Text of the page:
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Life on our Planet

Have you watched Sir David Attenborough’s “A Life on Our Planet” yet?


If not, you may want to stop reading this post and go and watch it. Feel free to read on, consider yourself warned for spoilers!



Yesterday felt the right day to watch this for me. I’m studying advanced clinical practice at university, and listened to a podcast where a doctor talked about the importance of air quality for healthy lungs. She urged people to plant trees in their gardens and have house plants, to soak up carbon and therefore reduce chronic lung conditions. Fascinated, I listened and thought about how vital the natural world was, that this small scale action could make such a difference to someone’s quality of life. And thought about how sad it was that most illness is caused by pollution or diet or modern lifestyle.


I’d been watching the previous Netflix series Sir David made with my 5-year-old, and on noticing that this film had a PG rating due to animal death, remarked to my husband that it seemed odd that the other series had a U rating, especially given that my penguin-loving son required a lot of cuddles after an (admittedly brutal) scene of penguin vs killer whale. But this film is quite something else; it isn’t about nature, and by extension those deaths that happen to animals as part of the natural food chain. No, this film is about the natural world being ripped apart and destroyed by humans. And it is all the more harrowing to watch.


Mr HCWasteFree and I sat in almost total silence throughout. In part of course, because who would interrupt Sir David? What it must be to live a life where almost everything you say is important. But also because what can you say, when watching this awful tale unfold? The facts are jaw-dropping. Just 4% of mammals on Earth are wild. The rest are humans and our farm animals. The amount of wild land which we have taken in order to farm on an industrial scale is astonishing. The anger and sadness felt at watching what must have been a centuries-old tree being felled in order to plant oil palm; watching an orang-utan clinging to a lone, branchless tree. The hopelessness of seeing vast stretches of dead coral. This isn’t new information to a lot of us, but seeing it on the screen, and at one point, seeing Sir David’s usually unflappable face filled with all the emotion that I was feeling, it was quite something else entirely. It is an incredible, important piece of film making, which would change the mind of the strongest climate change denier (ok, maybe not Trump).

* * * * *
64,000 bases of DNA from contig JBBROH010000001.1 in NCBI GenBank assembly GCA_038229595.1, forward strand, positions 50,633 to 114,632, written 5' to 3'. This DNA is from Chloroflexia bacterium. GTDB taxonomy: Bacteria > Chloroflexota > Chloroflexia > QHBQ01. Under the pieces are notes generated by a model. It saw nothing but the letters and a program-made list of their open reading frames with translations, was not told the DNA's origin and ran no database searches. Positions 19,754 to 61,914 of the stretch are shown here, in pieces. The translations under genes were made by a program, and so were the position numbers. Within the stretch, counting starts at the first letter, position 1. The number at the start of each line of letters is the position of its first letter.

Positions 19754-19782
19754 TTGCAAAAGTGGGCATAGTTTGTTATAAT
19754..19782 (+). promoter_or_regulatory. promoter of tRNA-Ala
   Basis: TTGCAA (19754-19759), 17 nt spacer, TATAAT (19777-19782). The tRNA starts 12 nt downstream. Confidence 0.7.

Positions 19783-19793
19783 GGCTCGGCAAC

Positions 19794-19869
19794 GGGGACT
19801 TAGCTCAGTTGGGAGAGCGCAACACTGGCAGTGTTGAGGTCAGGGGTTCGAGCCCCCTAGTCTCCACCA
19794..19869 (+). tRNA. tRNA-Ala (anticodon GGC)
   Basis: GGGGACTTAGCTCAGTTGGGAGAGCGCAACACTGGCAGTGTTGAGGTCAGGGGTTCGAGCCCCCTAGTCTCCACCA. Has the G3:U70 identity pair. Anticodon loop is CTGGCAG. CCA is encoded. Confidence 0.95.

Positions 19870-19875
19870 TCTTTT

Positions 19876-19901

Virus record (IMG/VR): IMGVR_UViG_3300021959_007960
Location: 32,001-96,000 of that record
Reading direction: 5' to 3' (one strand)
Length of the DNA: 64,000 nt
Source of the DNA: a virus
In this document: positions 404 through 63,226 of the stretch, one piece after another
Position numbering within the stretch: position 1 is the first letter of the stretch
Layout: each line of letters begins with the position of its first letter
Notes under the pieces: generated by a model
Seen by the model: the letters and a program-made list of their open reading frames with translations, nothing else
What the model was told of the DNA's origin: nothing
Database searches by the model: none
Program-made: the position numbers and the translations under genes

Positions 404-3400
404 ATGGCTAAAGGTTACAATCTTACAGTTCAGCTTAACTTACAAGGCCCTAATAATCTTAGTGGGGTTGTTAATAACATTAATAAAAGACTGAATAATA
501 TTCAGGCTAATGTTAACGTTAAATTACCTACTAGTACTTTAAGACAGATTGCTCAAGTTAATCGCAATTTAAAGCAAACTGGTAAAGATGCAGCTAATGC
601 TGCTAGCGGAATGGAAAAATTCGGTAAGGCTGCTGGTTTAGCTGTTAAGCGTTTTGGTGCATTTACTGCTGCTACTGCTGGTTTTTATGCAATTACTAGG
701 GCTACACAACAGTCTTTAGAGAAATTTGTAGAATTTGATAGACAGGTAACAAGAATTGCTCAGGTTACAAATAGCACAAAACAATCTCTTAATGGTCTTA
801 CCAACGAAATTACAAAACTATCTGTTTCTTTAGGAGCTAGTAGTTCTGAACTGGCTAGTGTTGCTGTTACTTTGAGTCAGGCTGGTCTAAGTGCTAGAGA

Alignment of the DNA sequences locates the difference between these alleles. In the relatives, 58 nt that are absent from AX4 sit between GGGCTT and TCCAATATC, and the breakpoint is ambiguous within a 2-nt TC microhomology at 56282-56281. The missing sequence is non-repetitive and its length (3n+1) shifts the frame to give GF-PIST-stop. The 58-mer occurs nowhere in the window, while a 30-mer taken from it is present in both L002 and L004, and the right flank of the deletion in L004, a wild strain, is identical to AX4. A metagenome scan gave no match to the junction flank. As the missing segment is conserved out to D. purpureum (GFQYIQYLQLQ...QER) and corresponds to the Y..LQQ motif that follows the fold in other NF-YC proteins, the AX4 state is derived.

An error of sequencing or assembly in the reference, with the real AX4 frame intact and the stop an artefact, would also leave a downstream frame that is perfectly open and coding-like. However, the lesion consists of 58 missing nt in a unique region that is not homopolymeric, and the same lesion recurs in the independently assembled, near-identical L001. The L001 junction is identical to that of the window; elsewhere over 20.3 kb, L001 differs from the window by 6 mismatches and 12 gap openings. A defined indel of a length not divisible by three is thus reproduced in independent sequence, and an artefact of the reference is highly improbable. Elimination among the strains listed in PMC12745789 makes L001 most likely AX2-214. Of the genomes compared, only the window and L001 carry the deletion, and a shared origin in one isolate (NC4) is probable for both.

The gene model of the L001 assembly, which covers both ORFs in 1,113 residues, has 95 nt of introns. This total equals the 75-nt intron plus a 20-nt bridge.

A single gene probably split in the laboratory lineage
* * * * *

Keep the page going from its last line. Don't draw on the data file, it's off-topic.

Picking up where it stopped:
But, definitely most sobering of all, was the projections of what will happen if we don’t change. And these weren’t remote, hardly even real predictions. These were things that would happen in 2030, 2040, 2050. We will live to see these things happen if we do nothing. And we are hurtling towards a mass-extinction event.


However, it would not be the film it is, without offered solutions. Let’s not demonise farming- it literally feeds us. There are clever solutions, already in use in the Netherlands, that could enable us to farm the same produce on less land, and therefore allow rewilding of farm land to promote biodiversity. Changing your pensions and bank accounts to those which invest in renewable energy, rather than fossil fuels- not that surprisingly, most investments are still in the things which are killing us- but as consumers we can drive that change. A new way to fish, which, in a real-world example, actually increased yields as well as increasing fish populations. And of course, as we all know, eating a more plant-based diet. On an individual level, there’s a viral clip of Sir David telling us all just don’t waste. Not food, not clothes, not fuel: do not waste. These are things that can be done. Hope is not lost.



Most striking for me though, was the recognition that human lives must be improved in order for us to continue on earth. Earth does not need us. The amazing scenes in Pripyat (the city evacuated after the Chernobyl explosion) prove that. It feels a bit Jurassic Park at that point- life found a way. 



Equal access to healthcare and ensuring children, and especially girls, stay in education- proving once again that equal rights benefit us all- are paramount to helping to stop a mass-extinction event. These are factors proven to stabilise population levels- which must happen, in order to minimise our ongoing impact. One line really stuck with me: We can only thrive if everything around us is also thriving.


This may well prove to be the most important piece of film-making of our generation. It might just save the human race. Sir David Attenborough: a title well earned; not just a national treasure. An international treasure.


For more information on action you can take, go here: https://www.wwf.org.uk/how-to-help-nature

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